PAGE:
DPRK leader’s aunt un­scathed af­ter purge

China Daily (Hong Kong) - - WORLD - By AGEN­CIES in Seoul

The aunt of Demo­cratic Peo­ple’s Repub­lic of Korea leader Kim Jong-un ap­pears un­scathed af­ter the ex­e­cu­tion of her pow­er­ful hus­band, Jang Song- thaek, de­spite strong spec­u­la­tion that those close to Jang could be purged.

Kim Ky­ong- hui, sis­ter of Kim’s fa­ther and late leader Kim Jong-il, was named as a mem­ber of the state fu­neral com­mit­tee for a se­nior rul­ing party of­fi­cial who died on Fri­day, the of­fi­cial KCNA news agency said late on Satur­day.

Her name was listed along­side a large group of top party and mil­i­tary of­fi­cials, in­clud­ing de­fense chief Jang Jong­nam and Choe Ry­ong-hae, a close con­fi­dant of the leader and di­rec­tor of the mil­i­tary’s po­lit­i­cal bureau.

News of Kim Ky­ong- hui at­tend­ing an of­fi­cial func­tion in­di­cates that she re­mains in fa­vor with her nephew, who has been con­sol­i­dat­ing his grip on power since his fa­ther’s death two years ago.

Jang Song-thaek, once seen as the po­lit­i­cal re­gent of the young Kim, was ex­e­cuted on Thurs­day for cor­rup­tion and plot­ting to over­throw the state, among other charges.

His ex­e­cu­tion — car­ried out just days af­ter he was ousted from all his party and mil­i­tary po­si­tions — marks the big­gest po­lit­i­cal up­heaval since the young Kim in­her­ited power af­ter the death of his fa­ther in De­cem­ber 2011.

The purge was staged in an ex­traor­di­nar­ily pub­lic and dra­matic man­ner, with Py­ongyang re­leas­ing rare im­ages of Jang be­ing dragged out of a party meet­ing on Dec 8.

Another im­age pub­lished on Fri­day showed a hand­cuffed Jang, with bruises on his face and hands, be­ing held by uni­formed guards at the mil­i­tary tri­bunal that sen­tenced him to death.

Repub­lic of Korea Pres­i­dent Park Geun-hye has crit­i­cized what she called a “reign of ter­ror” in the DPRK to bol­ster Kim’s lead­er­ship. Seoul’s de­fense chief vowed to step up troop readi­ness against po­ten­tial provo­ca­tions.

On Sun­day, Py­ongyang an­grily slammed Seoul’s re­ac­tion, call­ing it an “in­tol­er­a­ble provocation”.

The whole le­git­i­macy of Kim Jong-un’s lead­er­ship is based on blood ties.” LEE SE­UNG-YEOL AN­A­LYST AT SEOUL’S EWHA IN­STI­TUTE OF UNI­FI­CA­TION STUD­IES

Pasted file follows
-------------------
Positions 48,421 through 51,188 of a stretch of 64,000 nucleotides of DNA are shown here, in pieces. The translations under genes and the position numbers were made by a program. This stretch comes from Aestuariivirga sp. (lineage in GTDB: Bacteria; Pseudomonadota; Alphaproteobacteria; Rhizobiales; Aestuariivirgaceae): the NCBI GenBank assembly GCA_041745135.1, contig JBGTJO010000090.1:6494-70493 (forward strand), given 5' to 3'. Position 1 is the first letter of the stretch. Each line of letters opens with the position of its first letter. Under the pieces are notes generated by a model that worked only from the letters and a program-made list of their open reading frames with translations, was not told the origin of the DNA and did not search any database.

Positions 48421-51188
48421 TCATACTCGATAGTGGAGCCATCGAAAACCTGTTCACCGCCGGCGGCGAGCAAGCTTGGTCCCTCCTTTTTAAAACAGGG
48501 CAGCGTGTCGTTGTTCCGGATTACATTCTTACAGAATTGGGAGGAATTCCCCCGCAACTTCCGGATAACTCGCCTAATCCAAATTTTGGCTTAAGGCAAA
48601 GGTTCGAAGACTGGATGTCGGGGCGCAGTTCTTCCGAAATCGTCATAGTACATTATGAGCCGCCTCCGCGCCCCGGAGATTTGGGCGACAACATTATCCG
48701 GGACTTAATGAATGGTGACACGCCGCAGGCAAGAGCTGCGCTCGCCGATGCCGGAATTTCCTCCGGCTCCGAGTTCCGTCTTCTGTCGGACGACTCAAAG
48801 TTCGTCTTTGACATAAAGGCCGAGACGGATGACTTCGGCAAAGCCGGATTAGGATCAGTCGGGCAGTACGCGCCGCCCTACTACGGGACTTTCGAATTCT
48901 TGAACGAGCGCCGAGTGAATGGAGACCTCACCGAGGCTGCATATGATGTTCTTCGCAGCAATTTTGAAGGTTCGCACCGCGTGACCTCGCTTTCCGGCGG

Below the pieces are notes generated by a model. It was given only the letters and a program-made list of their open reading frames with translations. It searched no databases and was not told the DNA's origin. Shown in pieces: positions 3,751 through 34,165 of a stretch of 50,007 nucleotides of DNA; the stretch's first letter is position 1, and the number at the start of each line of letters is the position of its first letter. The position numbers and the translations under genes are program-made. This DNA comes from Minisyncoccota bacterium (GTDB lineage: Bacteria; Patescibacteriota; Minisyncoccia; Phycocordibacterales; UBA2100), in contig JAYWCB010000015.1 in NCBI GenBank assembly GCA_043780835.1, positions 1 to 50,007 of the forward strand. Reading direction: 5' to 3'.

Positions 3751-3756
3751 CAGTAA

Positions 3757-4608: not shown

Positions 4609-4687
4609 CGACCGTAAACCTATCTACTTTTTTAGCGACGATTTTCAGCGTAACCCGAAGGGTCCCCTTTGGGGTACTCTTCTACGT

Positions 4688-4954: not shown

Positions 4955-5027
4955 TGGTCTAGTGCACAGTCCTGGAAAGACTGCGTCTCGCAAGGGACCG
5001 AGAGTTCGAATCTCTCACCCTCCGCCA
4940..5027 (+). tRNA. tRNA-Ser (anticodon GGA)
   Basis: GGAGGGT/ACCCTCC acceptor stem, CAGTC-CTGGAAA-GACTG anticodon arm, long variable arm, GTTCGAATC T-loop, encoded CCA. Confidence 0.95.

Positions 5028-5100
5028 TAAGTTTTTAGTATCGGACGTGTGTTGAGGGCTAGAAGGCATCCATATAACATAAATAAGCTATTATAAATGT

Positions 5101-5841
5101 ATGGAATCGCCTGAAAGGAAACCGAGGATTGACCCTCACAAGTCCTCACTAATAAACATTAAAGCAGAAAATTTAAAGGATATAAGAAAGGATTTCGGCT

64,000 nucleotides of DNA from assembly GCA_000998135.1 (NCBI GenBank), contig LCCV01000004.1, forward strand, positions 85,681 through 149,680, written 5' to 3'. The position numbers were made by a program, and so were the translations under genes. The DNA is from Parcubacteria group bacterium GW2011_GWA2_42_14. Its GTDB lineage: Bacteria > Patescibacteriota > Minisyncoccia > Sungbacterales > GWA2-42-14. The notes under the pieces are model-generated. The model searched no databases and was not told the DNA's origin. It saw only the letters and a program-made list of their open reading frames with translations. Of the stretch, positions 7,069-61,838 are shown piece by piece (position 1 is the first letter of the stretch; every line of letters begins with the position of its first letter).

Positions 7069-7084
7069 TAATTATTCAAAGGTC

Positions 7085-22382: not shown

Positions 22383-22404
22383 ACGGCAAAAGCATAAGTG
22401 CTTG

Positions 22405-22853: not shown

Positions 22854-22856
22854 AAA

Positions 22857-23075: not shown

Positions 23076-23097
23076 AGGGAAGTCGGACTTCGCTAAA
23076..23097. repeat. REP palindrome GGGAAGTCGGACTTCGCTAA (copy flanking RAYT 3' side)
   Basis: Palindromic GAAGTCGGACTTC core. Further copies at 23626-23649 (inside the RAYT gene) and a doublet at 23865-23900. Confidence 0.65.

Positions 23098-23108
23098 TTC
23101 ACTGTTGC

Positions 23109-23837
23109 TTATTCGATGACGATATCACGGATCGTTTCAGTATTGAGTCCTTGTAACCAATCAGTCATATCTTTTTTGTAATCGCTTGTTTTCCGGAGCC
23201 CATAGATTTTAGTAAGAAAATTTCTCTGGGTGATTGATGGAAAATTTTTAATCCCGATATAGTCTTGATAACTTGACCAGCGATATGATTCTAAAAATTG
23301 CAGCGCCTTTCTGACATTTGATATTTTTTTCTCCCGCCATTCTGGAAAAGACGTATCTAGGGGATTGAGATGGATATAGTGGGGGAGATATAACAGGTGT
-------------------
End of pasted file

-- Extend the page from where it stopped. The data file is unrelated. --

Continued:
“The crit­i­cisms that took is­sue with our res­o­lute ac­tions are hideous ... acts of ex­treme hys­te­ria aimed at fur­ther fan­ning in­ter-Korea con­fronta­tion,” the DPRK’s web­site Urim­in­zokkiri said in an ed­i­to­rial.

“We will slap mer­ci­less ham­mers on the at­tempts by enemy forces to ... chal­lenge our dig­ni­fied lead­er­ship, just like we mer­ci­lessly pun­ished the harm­ful el­e­ments among us.”

Jang was seen as play­ing a key role in bol­ster­ing the lead­er­ship of Kim. But the 67-year-old’s grow­ing po­lit­i­cal in­flu­ence and power was in­creas­ingly re­sented by the leader, ac­cord­ing to an­a­lysts.

Jang and Kim Ky­ong- hui were once re­garded as the ul­ti­mate power cou­ple in Py­ongyang, as both held key po­si­tions in the rul­ing party.

But Kim Ky­ong- hui, 67, has been less vis­i­ble in the past year, with re­ports say­ing she was se­ri­ously ill and had sought hos­pi­tal treat­ment in Sin­ga­pore.

An­a­lysts have warned that the purge of Jang would ex­tend to a large num­ber of of­fi­cials seen as loyal to him.

Af­ter Jang’s down­fall, the fate of Kim Ky­ong- hui had been un­clear. KCNA on Satur­day said Kim had been asked to pre­pare the fu­neral for Kim Kuk- thae, chair­man of the Con­trol Com­mis­sion of the rul­ing Work­ers’ Party.

The fu­neral com­mit­tee list is one of few indi­ca­tions of DPRK of­fi­cials’ sta­tus.

DPRK busi­ness­men in China have been sum­moned back in large num­bers in re­cent days, ROK’s Yon­hap news agency said on Satur­day.

The move ap­peared aimed at crack­ing down on those “clas­si­fied as hav­ing con­nec­tions” with Jang, who served as a key go-be­tween for re­la­tions with China, Yon­hap said.

How­ever, an­a­lysts said Kim Ky­ong-hui — one of a hand­ful of peo­ple with blood ties to Kim Jong-un — will likely es­cape any harsh treat­ment.

“The whole le­git­i­macy of Kim Jong-un’s lead­er­ship is based on blood ties,” said Lee Se­ung-yeol, an an­a­lyst at Seoul’s Ewha In­sti­tute of Uni­fi­ca­tion Stud­ies.

Kim Ky­ong-hui had played a role “that backs up the le­git­i­macy of the dy­nasty”, Lee said.

The po­lit­i­cal stand­ing of leader Kim would be tar­nished if his aunt were tar­geted, said Kim Kwang- jin, an an­a­lyst at the South’s In­sti­tute for Na­tional Se­cu­rity Strat­egy.

“He (Kim Jong-un) knows if Kim Ky­ong-hui is purged, it would also back­fire on him in the end,” he said.

Jang and Kim Ky­ong- hui had re­port­edly been sep­a­rated for years. She may have been forced to di­vorce him in a bid to dis­tance her­self from the purges that will en­sue, said Hong Hyun-ik, of Seoul’s Se­jong In­sti­tute think tank.

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